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Noise in 246 engine

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  • Engine: Noise in 246 engine

    I have a 1951 2R11 with a 246 engine. Recently I noticed a rattling noise similar to a bad bearing coming from the timing gear cover area. At first I thought it was the water pump but I replaced it last year. Then noticed the noise was lower. What could cause the noise? There is 11,000 miles on the rebuild?
    thanks for any ideas.

  • #2
    Try pulling out the dipstick/breather and rotating it a bit and reinstalling.
    I had one ticking the crankshaft once.
    I know it's a swag, but... It's a free swag <g>..
    HTIH (Hope The Info Helps)

    Jeff


    Get your facts first, and then you can distort them as much as you please. Mark Twain



    Note: SDC# 070190 (and earlier...)

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    • #3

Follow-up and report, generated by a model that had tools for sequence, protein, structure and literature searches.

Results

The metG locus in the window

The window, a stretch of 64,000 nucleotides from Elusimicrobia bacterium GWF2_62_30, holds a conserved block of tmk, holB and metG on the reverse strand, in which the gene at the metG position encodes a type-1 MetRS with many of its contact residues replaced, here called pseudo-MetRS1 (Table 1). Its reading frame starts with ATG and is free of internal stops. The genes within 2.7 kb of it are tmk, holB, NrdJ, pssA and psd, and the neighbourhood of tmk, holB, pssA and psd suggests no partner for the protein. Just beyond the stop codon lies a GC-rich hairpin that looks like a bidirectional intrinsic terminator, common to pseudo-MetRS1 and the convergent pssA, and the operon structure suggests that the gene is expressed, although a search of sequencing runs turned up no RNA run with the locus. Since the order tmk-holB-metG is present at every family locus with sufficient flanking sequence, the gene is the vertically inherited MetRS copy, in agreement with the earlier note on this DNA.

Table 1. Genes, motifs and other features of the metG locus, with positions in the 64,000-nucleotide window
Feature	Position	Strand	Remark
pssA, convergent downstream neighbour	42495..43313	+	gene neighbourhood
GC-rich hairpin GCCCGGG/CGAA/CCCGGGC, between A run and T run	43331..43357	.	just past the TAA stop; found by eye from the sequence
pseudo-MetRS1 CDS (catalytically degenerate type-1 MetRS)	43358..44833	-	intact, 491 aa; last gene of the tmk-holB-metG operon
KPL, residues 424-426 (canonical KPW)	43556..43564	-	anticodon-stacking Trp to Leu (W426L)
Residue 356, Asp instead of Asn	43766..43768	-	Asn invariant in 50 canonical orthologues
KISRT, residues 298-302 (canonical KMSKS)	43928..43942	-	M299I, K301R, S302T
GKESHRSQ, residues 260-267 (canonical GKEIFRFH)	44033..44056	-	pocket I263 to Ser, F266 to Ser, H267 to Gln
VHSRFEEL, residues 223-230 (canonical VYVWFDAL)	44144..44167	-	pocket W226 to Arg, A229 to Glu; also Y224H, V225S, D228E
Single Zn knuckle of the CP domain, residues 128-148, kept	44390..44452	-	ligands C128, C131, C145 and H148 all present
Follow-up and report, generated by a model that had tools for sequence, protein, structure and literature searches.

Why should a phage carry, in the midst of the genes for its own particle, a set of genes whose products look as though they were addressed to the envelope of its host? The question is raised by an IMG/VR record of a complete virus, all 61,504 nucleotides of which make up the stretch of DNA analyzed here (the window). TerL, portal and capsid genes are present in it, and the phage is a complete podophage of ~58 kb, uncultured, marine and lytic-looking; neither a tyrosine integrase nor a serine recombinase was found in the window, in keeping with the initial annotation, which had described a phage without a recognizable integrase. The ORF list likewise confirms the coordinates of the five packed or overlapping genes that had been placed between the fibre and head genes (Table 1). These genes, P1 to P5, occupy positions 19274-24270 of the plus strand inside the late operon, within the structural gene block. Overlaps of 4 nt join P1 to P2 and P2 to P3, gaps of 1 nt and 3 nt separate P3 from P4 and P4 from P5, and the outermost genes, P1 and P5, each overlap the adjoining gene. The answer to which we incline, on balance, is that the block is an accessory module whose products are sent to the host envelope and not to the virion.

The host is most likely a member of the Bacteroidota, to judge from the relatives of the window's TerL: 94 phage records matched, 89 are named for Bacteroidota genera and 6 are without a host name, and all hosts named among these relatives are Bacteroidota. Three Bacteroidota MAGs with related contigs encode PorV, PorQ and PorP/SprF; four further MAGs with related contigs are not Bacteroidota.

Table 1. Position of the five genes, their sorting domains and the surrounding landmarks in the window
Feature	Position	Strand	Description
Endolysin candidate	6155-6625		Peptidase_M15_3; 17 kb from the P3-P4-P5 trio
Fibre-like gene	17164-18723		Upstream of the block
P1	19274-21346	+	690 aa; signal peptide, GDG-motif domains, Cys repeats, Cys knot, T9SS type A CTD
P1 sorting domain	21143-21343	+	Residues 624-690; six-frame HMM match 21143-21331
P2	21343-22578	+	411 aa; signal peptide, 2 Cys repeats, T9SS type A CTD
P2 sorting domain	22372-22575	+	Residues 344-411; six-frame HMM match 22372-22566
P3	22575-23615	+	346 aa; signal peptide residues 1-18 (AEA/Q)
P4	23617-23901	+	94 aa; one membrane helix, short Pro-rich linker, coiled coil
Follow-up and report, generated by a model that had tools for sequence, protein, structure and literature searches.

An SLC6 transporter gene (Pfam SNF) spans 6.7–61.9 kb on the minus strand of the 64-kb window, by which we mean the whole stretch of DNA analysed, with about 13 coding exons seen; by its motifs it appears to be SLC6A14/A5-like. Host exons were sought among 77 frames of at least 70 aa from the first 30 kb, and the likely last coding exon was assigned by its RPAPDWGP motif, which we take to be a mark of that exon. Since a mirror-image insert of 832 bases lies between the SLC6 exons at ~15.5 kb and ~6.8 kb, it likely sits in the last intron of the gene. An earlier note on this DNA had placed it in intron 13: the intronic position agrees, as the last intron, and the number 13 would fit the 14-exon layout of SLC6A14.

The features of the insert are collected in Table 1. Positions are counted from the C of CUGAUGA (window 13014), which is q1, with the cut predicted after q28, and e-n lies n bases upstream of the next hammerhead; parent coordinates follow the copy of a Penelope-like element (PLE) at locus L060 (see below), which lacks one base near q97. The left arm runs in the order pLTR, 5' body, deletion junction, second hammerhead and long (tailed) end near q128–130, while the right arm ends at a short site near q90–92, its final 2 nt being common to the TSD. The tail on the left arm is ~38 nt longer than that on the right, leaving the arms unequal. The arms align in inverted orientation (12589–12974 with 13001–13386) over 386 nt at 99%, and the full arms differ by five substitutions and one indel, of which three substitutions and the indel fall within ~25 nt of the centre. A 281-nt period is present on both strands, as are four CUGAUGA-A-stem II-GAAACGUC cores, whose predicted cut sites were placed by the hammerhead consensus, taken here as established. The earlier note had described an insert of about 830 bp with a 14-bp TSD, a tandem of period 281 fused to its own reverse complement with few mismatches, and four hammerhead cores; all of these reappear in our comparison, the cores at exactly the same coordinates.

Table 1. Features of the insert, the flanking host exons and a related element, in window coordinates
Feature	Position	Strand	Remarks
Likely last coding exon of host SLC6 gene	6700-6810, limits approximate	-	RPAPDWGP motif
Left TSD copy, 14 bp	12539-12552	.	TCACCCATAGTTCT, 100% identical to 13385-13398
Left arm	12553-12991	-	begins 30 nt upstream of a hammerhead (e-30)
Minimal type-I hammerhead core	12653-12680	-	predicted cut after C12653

In addition to Jeff's info, make sure the fuel pump's actuator arm is installed "under" the cam lobe that operates the fuel pump. I'm not sure on this particular engine (never owned a commander six), but conventional diaphragm fuel pumps can be installed improperly on some engines and still pump enough fuel to keep the carburetor bowl supplied. (short stroking) However, the bottom of the actuator arm could damage the cam lobe and cause the noise you describe. When installing a fuel pump, you should experience resistance from the actuator arm spring as the arm properly contacts the cam. If it goes in too easy, it is probably wrong.